Wind farms were paid more than £1.8 million to shut down this week – at a time when consumers face huge rises in energy bills because of the spiralling cost of natural gas.
The turbines were switched off over the course of three days because the electricity they would have produced could not have reached the regions that needed it.
Instead, electricity from gas-fired power stations was used at a further cost to consumers of several million pounds.
An analysis by the Renewable Energy Foundation (REF), a charitable think tank that has criticised wind energy over its reliability and cost, found that 38 wind farms – all in Scotland – received payments totalling £1.85 million over the course of three days not to generate electricity.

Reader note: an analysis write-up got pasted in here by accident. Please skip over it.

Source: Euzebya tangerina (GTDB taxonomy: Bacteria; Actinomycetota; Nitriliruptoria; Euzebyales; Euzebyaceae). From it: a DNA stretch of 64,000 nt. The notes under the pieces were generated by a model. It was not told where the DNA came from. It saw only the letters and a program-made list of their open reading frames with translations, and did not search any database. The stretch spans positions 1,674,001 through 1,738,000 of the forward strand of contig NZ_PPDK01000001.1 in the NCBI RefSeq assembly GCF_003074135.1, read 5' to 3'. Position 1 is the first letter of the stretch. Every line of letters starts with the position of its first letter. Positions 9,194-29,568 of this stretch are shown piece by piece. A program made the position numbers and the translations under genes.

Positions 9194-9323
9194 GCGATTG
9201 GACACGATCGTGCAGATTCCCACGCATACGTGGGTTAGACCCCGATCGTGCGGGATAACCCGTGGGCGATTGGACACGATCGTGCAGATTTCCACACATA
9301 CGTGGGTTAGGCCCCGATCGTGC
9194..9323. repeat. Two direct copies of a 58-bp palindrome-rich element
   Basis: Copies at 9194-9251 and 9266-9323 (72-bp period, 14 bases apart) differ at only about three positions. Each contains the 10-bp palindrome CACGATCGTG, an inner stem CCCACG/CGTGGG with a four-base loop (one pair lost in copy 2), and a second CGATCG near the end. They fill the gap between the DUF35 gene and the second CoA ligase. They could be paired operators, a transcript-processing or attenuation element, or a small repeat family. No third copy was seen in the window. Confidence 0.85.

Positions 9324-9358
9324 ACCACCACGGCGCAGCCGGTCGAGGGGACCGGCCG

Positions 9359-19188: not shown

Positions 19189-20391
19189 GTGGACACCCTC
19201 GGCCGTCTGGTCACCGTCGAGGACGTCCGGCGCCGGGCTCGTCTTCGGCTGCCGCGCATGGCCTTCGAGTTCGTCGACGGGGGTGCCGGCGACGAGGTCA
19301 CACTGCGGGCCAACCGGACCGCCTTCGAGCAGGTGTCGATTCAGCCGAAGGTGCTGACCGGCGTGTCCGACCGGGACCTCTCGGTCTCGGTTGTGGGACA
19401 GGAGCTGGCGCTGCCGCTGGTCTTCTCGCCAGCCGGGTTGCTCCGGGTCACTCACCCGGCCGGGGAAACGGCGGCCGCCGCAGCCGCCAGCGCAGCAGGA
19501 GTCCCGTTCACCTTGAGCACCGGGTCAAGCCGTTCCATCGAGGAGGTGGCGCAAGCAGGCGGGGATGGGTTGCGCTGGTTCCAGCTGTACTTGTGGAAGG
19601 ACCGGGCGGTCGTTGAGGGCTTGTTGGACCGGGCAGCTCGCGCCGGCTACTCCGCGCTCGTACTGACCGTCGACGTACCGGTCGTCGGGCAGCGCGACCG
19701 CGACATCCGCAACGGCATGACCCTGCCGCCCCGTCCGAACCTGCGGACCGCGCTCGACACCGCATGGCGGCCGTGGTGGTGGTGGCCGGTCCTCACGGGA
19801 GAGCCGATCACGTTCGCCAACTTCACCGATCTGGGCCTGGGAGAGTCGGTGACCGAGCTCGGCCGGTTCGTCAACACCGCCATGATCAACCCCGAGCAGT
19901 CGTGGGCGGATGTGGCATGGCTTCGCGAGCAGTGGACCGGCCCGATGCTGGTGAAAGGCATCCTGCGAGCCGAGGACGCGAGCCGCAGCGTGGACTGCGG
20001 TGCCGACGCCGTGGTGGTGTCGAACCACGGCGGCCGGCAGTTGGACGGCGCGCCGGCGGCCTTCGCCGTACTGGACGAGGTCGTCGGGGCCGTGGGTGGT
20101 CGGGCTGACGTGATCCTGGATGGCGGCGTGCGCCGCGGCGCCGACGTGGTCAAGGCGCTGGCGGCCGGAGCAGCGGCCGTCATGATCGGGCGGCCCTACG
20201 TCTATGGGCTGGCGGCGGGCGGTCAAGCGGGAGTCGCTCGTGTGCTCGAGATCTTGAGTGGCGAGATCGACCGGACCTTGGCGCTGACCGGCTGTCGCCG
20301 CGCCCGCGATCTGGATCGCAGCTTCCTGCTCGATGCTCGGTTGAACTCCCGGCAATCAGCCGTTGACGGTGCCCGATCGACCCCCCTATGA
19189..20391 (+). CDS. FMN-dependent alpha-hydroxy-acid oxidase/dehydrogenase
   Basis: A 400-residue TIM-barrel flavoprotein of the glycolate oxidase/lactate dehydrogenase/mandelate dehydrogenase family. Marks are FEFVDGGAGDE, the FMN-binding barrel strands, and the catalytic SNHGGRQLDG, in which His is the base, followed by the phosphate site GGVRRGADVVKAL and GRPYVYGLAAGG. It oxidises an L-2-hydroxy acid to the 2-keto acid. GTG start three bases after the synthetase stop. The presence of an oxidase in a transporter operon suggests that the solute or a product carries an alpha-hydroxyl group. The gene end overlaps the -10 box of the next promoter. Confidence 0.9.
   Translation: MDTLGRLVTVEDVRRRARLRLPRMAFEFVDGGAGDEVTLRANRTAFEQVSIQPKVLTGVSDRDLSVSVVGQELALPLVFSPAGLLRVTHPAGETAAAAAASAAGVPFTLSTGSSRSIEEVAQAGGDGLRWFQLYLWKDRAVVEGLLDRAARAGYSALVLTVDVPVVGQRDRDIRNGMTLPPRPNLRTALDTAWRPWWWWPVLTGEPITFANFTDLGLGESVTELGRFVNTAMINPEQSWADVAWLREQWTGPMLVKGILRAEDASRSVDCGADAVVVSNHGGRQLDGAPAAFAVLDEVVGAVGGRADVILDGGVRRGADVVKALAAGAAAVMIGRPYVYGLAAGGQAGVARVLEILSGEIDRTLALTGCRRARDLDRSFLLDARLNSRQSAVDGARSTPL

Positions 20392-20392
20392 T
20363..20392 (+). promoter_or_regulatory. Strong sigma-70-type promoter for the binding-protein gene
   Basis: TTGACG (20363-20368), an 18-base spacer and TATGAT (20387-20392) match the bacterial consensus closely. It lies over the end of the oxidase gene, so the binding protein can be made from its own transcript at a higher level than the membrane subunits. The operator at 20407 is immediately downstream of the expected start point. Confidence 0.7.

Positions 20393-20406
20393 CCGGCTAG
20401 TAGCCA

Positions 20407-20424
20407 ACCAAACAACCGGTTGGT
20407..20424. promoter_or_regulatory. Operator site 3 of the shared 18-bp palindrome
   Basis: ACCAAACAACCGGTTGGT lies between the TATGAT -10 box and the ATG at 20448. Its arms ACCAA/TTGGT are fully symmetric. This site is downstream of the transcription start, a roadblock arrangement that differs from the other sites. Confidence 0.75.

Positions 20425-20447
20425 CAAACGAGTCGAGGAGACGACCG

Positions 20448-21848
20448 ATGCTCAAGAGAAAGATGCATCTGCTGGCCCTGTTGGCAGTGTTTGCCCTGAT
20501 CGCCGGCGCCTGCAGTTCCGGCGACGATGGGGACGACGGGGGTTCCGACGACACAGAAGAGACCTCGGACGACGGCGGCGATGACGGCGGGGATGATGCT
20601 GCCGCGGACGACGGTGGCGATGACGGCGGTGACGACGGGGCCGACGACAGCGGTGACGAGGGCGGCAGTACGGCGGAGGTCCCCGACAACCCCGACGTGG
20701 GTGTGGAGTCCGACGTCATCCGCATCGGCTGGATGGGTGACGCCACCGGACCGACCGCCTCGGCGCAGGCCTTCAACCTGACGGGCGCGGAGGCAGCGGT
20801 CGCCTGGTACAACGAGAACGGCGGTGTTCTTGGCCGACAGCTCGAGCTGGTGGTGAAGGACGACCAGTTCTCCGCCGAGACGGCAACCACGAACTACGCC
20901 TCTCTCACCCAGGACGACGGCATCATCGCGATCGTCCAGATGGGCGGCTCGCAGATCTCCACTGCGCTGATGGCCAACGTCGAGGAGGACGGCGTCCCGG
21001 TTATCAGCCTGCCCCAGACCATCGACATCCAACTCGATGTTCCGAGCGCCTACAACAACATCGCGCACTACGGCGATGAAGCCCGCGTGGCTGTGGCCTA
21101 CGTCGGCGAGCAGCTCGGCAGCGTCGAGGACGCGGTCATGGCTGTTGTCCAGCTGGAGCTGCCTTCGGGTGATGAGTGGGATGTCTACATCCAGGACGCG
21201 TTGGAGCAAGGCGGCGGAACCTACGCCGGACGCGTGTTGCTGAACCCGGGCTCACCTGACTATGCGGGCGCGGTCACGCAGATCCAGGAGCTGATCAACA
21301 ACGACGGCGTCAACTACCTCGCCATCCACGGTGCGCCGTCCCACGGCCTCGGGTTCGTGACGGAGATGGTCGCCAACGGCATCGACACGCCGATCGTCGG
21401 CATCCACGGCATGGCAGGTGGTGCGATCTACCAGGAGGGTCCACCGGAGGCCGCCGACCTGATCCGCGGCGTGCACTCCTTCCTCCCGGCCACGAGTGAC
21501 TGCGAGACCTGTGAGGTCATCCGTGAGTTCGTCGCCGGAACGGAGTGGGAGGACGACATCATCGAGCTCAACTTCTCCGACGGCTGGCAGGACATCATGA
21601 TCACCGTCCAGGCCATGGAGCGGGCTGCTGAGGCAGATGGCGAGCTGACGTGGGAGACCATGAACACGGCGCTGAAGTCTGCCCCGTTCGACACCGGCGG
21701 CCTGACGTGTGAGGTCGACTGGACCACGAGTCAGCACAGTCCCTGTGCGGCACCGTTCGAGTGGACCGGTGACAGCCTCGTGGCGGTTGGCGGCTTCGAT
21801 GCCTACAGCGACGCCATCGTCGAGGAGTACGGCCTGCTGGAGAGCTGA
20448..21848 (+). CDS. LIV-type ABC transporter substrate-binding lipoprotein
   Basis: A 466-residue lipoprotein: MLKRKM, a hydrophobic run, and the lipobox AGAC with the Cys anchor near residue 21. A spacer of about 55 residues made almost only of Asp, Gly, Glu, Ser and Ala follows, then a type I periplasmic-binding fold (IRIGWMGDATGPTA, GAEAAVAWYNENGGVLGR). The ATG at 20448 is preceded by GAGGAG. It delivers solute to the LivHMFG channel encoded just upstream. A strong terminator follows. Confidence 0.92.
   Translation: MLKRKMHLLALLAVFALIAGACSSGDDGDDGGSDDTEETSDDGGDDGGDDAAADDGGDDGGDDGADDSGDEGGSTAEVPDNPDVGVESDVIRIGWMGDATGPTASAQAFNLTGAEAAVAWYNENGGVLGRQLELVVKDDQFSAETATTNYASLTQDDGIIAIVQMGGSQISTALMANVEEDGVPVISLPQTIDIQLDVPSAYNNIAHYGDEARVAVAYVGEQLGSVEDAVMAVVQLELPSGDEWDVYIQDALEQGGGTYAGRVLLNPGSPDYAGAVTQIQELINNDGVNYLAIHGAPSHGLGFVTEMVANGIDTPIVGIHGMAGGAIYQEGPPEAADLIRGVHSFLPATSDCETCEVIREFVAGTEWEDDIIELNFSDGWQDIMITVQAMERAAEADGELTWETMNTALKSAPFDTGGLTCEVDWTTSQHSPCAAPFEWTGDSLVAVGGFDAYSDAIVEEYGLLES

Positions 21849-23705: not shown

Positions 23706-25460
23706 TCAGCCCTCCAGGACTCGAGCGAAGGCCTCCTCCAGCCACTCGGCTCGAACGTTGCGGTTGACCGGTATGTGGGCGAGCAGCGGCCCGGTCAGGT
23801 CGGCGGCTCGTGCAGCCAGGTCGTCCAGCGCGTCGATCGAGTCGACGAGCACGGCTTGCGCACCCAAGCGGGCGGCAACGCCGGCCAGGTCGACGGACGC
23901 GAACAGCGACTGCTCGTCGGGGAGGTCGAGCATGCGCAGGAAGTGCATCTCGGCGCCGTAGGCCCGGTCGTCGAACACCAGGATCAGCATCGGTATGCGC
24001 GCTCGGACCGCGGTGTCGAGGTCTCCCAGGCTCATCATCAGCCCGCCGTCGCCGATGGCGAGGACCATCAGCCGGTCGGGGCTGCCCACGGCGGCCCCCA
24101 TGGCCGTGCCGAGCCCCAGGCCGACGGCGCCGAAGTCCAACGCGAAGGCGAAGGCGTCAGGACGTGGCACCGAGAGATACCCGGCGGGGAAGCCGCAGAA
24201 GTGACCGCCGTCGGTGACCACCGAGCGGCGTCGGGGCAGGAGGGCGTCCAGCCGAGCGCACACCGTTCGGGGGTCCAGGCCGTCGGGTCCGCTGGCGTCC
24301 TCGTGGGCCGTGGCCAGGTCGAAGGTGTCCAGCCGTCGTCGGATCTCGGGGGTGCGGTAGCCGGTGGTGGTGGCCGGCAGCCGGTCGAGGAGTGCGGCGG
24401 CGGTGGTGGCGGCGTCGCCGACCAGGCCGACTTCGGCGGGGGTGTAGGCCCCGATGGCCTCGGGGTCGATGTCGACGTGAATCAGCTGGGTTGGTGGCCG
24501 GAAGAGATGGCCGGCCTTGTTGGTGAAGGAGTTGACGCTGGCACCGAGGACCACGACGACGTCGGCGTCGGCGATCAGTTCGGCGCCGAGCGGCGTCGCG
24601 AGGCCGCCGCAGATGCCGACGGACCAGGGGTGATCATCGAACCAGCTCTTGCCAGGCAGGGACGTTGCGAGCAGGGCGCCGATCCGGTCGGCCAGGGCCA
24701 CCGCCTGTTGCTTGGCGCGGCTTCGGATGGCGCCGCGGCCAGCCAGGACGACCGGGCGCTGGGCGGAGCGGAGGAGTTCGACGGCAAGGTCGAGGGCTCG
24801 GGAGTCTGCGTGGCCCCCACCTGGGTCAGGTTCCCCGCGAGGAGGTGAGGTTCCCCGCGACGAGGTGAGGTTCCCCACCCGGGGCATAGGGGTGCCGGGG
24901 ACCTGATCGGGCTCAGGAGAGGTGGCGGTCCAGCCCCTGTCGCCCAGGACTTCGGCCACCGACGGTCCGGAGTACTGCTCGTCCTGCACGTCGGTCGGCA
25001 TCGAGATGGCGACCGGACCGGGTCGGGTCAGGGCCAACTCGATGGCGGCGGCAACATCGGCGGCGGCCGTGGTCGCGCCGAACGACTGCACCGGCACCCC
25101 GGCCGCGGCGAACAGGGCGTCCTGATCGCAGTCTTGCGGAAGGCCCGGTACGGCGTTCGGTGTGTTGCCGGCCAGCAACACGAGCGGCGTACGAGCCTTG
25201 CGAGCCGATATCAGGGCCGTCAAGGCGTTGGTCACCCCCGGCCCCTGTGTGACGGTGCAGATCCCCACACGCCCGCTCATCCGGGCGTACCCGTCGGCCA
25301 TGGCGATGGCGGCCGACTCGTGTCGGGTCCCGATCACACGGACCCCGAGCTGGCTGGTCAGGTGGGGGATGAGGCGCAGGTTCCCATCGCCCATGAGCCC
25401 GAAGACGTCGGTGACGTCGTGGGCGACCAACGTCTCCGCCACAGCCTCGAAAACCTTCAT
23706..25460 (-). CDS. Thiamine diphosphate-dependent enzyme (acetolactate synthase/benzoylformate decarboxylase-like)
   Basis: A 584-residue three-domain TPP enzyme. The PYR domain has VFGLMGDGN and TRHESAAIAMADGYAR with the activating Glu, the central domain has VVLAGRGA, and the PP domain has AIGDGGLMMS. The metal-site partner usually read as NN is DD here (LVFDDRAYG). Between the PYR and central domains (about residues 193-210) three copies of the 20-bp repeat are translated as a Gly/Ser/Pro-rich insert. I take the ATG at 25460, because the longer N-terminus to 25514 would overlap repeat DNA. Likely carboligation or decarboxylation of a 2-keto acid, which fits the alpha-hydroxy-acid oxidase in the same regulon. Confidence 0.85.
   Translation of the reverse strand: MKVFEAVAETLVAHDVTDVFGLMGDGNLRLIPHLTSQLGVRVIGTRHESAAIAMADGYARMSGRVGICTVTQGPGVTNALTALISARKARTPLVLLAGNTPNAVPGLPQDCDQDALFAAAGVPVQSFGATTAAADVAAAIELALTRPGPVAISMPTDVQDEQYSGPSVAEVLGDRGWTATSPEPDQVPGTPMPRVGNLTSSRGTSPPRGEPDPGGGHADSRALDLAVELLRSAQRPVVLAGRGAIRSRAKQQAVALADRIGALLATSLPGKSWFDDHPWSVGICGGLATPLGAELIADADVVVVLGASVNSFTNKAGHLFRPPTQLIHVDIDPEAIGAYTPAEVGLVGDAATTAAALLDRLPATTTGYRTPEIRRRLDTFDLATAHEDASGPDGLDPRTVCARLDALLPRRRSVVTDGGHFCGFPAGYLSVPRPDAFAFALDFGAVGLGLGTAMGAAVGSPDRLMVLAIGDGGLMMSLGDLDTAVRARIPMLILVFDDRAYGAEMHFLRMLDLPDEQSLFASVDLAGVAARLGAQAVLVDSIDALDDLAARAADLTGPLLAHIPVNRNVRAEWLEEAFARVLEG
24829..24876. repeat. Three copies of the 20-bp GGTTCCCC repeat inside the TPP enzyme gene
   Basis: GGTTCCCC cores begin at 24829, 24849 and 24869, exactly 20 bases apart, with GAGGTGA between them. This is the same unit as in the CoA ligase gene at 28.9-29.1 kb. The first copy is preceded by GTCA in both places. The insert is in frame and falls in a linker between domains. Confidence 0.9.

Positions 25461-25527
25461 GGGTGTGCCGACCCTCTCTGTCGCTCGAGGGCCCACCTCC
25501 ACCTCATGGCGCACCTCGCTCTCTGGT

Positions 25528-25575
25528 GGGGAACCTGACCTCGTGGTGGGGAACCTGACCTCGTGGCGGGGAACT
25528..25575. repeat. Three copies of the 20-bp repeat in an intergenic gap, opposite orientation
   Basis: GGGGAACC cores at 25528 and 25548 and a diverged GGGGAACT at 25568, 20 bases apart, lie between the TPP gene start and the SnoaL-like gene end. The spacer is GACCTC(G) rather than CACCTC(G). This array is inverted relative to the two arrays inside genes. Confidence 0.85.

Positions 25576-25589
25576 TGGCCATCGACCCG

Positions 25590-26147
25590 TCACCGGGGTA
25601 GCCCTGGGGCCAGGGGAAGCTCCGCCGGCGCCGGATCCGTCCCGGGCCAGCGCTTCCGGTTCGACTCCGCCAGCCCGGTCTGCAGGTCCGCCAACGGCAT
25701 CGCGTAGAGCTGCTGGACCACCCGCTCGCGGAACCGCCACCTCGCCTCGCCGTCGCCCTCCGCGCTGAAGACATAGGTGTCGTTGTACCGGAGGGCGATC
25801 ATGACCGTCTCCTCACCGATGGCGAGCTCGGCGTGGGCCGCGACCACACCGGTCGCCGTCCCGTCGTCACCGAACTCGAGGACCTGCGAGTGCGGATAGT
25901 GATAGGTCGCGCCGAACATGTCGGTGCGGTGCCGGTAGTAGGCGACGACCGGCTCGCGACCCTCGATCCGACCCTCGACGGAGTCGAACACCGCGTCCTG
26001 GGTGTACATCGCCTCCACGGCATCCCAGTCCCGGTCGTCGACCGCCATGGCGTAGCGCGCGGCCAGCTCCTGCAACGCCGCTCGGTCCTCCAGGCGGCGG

The constraint payments are made by the National Grid to balance supply and demand across the electricity network. Payments tend to be highest on warm, windy days when turbines can produce a lot of electricity that is not needed.
‘High winds, low winds – whatever the weather, the consumer suffers’
Dr John Constable, the director of REF, said: “Uncontrollable and heavily subsidised generation such as wind-power has made the UK electricity system into a costly and dysfunctional joke.